STATE COLLEGE, Pa. — A former defensive coordinator who was integral for decades to Penn State’s success in football was accused Saturday of sexually abusing eight boys.

The school’s athletic director and an administrator were charged with perjury and failing to report what they knew about the allegations in the case that prosecutors said uncovered a years-long trail of a predator and those who protected him.

Former coach Jerry Sandusky, 67, of State College, was released on $100,000 bail after being arraigned on 40 criminal counts, the state attorney general’s office said.

Athletic director Tim Curley, 57, and Gary Schultz, 62, Penn State vice president for finance and business, both of Boalsburg, were expected to turn themselves in Monday in Harrisburg. Schultz’s position includes oversight of the university’s police department.

Longtime head coach Joe Paterno, who has more victories than any coach in the history of Division I football, was not charged, authorities said, and the grand jury report did not appear to implicate him in wrongdoing. It said that when Paterno first learned of one report of abuse, he immediately reported it to Curley, but Sandusky was no longer coaching at the time and it’s not clear whether Paterno followed up with Curley.

Sandusky, closely identified with the school’s reputation as a defensive powerhouse and a program that produced top-quality linebackers, retired in 1999 but continued to work with at-risk children through the nonprofit Second Mile organization he founded in 1977.

He was charged with multiple counts of involuntary deviate sexual intercourse, corruption of minors, endangering the welfare of a child, indecent assault and unlawful contact with a minor, as well as single counts of aggravated indecent assault and attempted indecent assault. A preliminary hearing for Sandusky is scheduled for Wednesday, but his attorney told reporters it would likely be delayed.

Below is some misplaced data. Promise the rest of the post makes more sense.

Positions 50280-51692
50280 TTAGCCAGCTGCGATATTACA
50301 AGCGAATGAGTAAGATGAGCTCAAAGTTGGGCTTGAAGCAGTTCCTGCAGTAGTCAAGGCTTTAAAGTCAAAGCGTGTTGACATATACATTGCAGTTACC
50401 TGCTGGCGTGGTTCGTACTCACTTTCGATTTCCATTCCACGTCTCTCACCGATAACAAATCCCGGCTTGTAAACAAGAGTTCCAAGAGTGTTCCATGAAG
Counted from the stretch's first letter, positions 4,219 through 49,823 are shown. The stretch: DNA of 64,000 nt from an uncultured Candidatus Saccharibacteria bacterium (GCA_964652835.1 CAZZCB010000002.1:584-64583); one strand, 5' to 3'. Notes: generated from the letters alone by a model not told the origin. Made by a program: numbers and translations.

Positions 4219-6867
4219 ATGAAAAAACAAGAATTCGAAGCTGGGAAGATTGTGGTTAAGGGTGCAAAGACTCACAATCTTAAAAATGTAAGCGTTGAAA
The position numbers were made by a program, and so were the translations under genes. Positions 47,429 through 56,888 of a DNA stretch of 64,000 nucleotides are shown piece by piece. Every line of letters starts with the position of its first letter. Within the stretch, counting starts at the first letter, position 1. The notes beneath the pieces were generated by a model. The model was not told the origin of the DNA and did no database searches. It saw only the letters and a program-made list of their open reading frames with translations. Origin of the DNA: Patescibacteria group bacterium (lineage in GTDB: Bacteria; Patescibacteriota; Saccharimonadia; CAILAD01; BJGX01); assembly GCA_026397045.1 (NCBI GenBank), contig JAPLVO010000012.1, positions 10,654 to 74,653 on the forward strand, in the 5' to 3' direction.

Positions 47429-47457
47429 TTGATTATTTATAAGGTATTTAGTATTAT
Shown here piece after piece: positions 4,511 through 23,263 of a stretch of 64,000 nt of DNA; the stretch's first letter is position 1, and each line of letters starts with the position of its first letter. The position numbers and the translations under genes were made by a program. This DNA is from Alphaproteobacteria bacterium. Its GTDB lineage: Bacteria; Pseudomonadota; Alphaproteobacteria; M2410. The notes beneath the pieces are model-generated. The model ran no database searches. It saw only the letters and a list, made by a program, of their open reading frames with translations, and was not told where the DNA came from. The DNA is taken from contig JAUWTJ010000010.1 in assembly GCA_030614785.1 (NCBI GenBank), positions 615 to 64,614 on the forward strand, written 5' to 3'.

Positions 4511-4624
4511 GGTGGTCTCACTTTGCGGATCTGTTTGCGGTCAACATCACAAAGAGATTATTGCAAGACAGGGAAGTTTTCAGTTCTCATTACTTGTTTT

“He’s shaky, as you can expect,” defense attorney Joe Amendola told WJAC-TV. “Being 67 years old, never having faced criminal charges in his life, and having the distinguished career that he’s had, these are very serious allegations.”

Amendola said Sandusky has been aware of the accusations for about three years and has maintained his innocence.

The allegations range from sexual touching to oral and anal sex, and victims testified they were in their early teens when some of the abuse occurred.

Attorney General Linda Kelly called Sandusky “a sexual predator who used his position within the university and community to repeatedly prey on young boys.”

The grand jury said eight boys were targets of sexual advances or assaults by Sandusky from 1994 to 2009.

One accuser, now 27, testified that Sandusky initiated contact with a “soap battle” in the shower that led to multiple instances of involuntary sexual intercourse and indecent assault at Sandusky’s hands, the grand jury report said.

Victim 4, as he was identified in the jury report, said he traveled to charity functions and Penn State games with Sandusky, even being listed as a member of Sandusky’s family’s party for the 1998 Outback Bowl and 1999 Alamo Bowl.

“Sandusky did threaten to send him home from the Alamo Bowl in Texas when Victim 4 resisted his advances,” the report said, and Sandusky gave him clothes, shoes, a snowboard, golf clubs, hockey gear and football jerseys.